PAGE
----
Fanning the Flames

Think back to the last time you had an argument with your spouse or one of your older children. The argument you’d consider a real humdinger as words flew out of your mouth, sarcasm cut like a knife, and pride oozed out of your pores. Sparks flew everywhere, igniting flames of frustration and anger.

Sometimes, the embers of those disagreements still burn long after you put out the fire. In fact, it’s possible with just one word you can fan the flames of those distant battles that should be vague memories and generate fresh scars from old wounds

I want to challenge you today to stop tending the fires and start putting them out for good. I should credit my wife, Jane, for this article because she’s much better than I am at not re-igniting fires. She’ll often remind me that I’m picking at scars that have already healed. I have to work hard at not fanning the flames of things that have already burned in my family’s past and produced charred results.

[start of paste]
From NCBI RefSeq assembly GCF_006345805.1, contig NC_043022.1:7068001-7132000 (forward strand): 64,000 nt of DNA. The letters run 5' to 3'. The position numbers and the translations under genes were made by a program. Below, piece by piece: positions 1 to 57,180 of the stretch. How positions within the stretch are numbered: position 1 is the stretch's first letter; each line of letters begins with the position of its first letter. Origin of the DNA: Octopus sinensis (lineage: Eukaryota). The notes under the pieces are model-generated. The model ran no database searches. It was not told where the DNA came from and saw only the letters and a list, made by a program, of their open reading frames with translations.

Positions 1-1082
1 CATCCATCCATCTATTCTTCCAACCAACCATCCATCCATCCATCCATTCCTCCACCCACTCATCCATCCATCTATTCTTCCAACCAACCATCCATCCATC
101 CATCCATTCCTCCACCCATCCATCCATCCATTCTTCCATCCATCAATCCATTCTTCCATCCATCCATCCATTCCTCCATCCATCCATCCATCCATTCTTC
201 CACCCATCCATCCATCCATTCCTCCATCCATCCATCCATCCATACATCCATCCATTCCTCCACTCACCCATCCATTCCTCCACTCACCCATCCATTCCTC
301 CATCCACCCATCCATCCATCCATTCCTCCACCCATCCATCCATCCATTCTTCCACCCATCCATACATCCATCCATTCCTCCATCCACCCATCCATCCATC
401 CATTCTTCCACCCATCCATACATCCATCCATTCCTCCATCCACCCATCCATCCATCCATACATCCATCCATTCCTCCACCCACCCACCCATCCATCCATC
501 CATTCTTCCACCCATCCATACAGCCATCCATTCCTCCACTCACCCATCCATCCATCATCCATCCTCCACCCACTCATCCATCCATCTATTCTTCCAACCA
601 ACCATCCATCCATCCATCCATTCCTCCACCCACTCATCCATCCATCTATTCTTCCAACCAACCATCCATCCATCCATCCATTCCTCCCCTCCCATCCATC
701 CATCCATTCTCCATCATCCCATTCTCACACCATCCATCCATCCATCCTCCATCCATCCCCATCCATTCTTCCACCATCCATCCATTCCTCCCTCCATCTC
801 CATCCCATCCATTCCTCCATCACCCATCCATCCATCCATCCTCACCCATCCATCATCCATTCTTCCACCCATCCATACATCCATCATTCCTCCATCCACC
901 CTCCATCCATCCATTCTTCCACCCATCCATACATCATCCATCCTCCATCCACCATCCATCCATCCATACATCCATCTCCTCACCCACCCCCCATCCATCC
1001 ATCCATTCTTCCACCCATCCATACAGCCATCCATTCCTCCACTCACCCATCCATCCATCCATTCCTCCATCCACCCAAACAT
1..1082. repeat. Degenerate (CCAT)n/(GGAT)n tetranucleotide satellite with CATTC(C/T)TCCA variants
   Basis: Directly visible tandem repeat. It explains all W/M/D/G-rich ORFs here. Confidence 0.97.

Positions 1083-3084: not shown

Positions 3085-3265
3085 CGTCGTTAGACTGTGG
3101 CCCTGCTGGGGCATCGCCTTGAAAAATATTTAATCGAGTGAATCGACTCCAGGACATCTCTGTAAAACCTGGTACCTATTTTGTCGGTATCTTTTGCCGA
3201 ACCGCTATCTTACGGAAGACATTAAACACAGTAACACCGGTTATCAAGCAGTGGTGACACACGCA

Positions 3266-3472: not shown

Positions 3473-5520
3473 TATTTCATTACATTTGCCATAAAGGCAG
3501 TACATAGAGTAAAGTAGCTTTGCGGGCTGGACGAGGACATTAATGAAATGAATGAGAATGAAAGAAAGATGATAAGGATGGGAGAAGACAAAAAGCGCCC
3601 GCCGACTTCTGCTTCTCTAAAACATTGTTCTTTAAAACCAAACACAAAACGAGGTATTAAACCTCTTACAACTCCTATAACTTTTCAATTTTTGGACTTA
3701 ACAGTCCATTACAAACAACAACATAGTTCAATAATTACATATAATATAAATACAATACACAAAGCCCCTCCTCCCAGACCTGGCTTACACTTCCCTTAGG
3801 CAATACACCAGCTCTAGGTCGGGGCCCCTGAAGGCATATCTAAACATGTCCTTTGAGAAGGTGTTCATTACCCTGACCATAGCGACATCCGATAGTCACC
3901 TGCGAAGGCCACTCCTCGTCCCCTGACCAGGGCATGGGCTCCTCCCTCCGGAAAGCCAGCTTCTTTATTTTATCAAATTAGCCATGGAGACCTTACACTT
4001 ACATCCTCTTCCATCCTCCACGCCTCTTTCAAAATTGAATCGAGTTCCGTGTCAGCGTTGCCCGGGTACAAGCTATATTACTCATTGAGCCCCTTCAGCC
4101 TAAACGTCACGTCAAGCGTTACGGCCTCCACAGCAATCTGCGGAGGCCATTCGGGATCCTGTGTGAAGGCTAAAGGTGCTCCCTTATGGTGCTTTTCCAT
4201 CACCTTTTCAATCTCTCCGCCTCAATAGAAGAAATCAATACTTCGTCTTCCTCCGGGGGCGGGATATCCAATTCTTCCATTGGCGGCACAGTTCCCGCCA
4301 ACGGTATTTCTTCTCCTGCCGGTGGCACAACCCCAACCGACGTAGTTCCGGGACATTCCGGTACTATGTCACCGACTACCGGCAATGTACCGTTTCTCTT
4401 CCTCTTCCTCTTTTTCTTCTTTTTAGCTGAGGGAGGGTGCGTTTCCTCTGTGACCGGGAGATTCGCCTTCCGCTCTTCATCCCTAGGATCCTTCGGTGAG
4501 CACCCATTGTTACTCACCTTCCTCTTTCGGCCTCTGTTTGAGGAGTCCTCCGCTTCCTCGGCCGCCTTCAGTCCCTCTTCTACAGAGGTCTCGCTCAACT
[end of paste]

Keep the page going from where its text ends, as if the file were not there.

I strive, therefore, to be a person who continues to move forward, instead of being locked into the past. The key to breaking through those barriers is laying down my pride and standing up for my marriage and family. It means not always having to be right, even though you might actually be right. It requires holding on to forgiveness instead of grudges. It’s learning how to really forget arguments of the past and look toward a future of happier times.